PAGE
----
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[May 22, 2024 is the appearance day of Lord Nṛsiṁhadeva in Vṛndāvana, India. The following is an excerpt from a bhāva anuvāda of the kathā given by Śrīla Bhakti Vijñāna Bhāratī Gosvāmī Mahārāja on the same tithi on May 13, 2014 and May 9, 2017. Editors’ input: Additional text has been included in square brackets to facilitate the flow of content. ]

[Śrīla Mahārāja began the class by reciting this prayer from Nṛsiṁha Purāṇa, also quoted in Śrī Caitanya-caritāmṛta, Antya, 16.52-53.]

namas te nara-siṁhāya


hiraṇyakaśipor vakṣaḥ-


ito nṛsiṁhaḥ parato nṛsiṁho

yato yato yāmi tato nṛsiṁhaḥ

bahir nṛsiṁho hṛdaye nṛsiṁhaḥ

nṛsiṁham ādiṁ śaraṇaṁ prapadye

Today is the appearance day of Lord Nṛsiṁhadeva. It is a very special day.


Bhagavān appears in many forms such as Matsya, Kūrma, Varāha, Nṛsiṁha, Vāmana and so on. Generally, a boar or a pig is considered an abominable species. In India, there is a popular abuse - 'suvar kā bacchā!’ which literally means ‘You son of a pig!’

However, when Bhagavān accepts the form of a boar, Varāha-rūpa, does that make His form abominable as well? No. All the appearances and activities of Bhagavān are supremely transcendental – ‘janma-karma ca me divyam evaṁ yo vetti tattvataḥ’. Even in the prayers of Gajendra, it is mentioned – ‘na nāma-rūpe guṇa-doṣa eva vā – the Supreme Personality of Godhead has no material birth, activities, name, form, qualities or faults’.

When Bhagavān appeared as a boar, He lifted the earth on His tusks. In His tortoise incarnation, He effortlessly carried the Mandara Mountain upon His back, a task which all the demigods and demons combined could not accomplish. On the contrary, taking the Mandara Mountain upon His back was a relaxing experience for Him, not burdensome in the least. That is why Bhagavān says, “My birth and activities are transcendental.” Thus, all the forms of Bhagavān like Matsya, Kūrma, Varāha and Nṛsiṁha are nirguṇa (transcendental) and sarva-śaktimān (omnipotent). This is Bhagavān’s divinity.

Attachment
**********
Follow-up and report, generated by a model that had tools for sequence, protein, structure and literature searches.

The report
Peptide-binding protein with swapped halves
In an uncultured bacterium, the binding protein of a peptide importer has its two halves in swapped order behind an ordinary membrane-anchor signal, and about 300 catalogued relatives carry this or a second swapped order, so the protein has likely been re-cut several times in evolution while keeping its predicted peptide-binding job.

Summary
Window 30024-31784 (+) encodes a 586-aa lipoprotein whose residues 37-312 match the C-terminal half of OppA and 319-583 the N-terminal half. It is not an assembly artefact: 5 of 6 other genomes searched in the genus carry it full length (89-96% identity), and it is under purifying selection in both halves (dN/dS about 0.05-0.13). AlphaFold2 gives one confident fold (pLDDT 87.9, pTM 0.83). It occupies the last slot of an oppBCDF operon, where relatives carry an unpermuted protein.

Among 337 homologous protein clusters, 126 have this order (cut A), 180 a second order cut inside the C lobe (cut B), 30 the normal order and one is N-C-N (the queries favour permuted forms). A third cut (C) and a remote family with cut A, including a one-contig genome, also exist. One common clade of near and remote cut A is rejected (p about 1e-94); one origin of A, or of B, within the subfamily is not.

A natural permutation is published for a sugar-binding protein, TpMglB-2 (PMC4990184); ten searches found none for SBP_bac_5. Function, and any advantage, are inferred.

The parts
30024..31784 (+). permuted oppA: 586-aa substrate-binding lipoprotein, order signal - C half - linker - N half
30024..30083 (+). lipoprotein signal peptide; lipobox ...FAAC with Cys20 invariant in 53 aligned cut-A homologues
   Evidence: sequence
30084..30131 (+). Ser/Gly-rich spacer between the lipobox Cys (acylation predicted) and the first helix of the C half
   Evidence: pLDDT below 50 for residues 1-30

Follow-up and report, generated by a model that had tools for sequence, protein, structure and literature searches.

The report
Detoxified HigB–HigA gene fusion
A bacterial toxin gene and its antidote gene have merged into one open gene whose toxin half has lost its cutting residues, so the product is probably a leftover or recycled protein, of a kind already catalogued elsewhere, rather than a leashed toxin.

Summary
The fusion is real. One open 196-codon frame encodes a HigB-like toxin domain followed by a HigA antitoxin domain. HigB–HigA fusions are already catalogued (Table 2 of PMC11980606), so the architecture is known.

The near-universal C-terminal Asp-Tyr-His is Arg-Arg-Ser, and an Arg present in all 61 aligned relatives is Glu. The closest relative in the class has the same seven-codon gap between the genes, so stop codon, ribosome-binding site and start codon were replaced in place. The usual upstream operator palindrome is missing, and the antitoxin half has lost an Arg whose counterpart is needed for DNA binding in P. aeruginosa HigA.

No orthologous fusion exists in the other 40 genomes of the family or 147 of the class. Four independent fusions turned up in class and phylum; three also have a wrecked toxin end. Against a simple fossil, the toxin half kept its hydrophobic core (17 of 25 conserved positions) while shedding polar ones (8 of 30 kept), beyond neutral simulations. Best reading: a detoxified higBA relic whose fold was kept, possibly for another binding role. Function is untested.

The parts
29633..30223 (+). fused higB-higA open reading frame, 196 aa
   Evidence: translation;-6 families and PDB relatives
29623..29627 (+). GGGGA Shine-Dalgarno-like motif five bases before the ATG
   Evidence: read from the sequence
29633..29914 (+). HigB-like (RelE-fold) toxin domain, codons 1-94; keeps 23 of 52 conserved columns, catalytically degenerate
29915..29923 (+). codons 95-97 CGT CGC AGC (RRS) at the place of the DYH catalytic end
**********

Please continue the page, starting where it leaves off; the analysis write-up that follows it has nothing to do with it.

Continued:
Bhagavān simultaneously appeared as the son of Vasudeva and Devakī, and the son of Nanda and Yaśodā; moreover, Devakīnandana Kṛṣṇa and Yaśodā-nandana Kṛṣṇa merged into one. Is such a thing possible? Then another question may arise: Can Bhagavān ever take birth? If so, who are the parents of Nṛsiṁhadeva? The pillar from which He appeared?

Just as the pillar is not His mother or father, so also Vasudeva and Devakī or Nanda and Yaśodā are not His parents. If it were so, then how could Bhagavān be 'anādir ādir govindaḥ’? But Bhagavān ‘accepts’ them as His parents. Hence His activities are called pastimes, līlās. Brahmā says in Śrī Brahma-saṁhitā (5.1):

īśvaraḥ paramaḥ kṛṣṇaḥ


anādir ādir govindaḥ


[Kṛṣṇa who is known as Govinda is the Supreme Godhead. He has an eternal blissful spiritual body. He is the origin of all. He has no other origin and He is the prime cause of all causes.]

He is the prime cause of all causes, so who will become His cause? We can never comprehend such matters with our material mind and intelligence. Such transcendental topics can only be understood in sādhu-saṅga [hearing about the topics of Bhagavān in the association of His pure devotees], without which they will remain incomprehensible.

An actor may play a certain role, but does he become that personality he is portraying? No. So if an ordinary actor can enchant and mesmerize his audience then is there anything surprising about such a great personality as Bhagavān, who is full with sixty four qualities, enchanting everyone by enacting His pastimes? It is not easy to comprehend this.


By the benediction of Brahmā, who is the ādi-kālika devatā, original and foremost amongst demigods, Hiraṇyakaśipu attained enormous strength. This was only possible because Bhagavān had empowered Brahmā. Brahmā had awarded the benediction that Hiraṇyakaśipu would die neither during the day nor the night; neither outside nor inside; neither in the sky nor on the ground; neither by astra (a weapon released from one’s hand e.g. arrow) nor śastra (a weapon kept in one’s hand e.g. sword) and so on. Thus Hiraṇyakaśipu was convinced that he couldn’t die under any circumstances. ‘Although Brahmā did not give me the boon to become immortal, I have outwitted him into giving me the boon of eternal life.’ On the strength of this benediction, he began to harass all the demigods including Brahmā, Śiva and others. What could be done then?

Faced with Hiraṇyakaśipu’s atrocities, even Brahmā, who could no longer protect himself, began to pray to Bhagavān. What to speak of Brahmā; even Śiva, Indra and all other (demigods) began to pray for Hiraṇyakaśipu to be vanquished. But did Bhagavān appear to slay Hiraṇyakaśipu at that time? No!

Why then does He say in the Bhagavad-gītā 'paritrāṇaya sādhūnāṁ'? Actually, Bhagavān did not consider any of them in the category of sādhus [because they never serve or worship the Lord for His pleasure but only for their own wellbeing] Who is a sādhu? A sādhu is one whose eyes and heart are always turned towards Bhagavān, the Absolute Truth.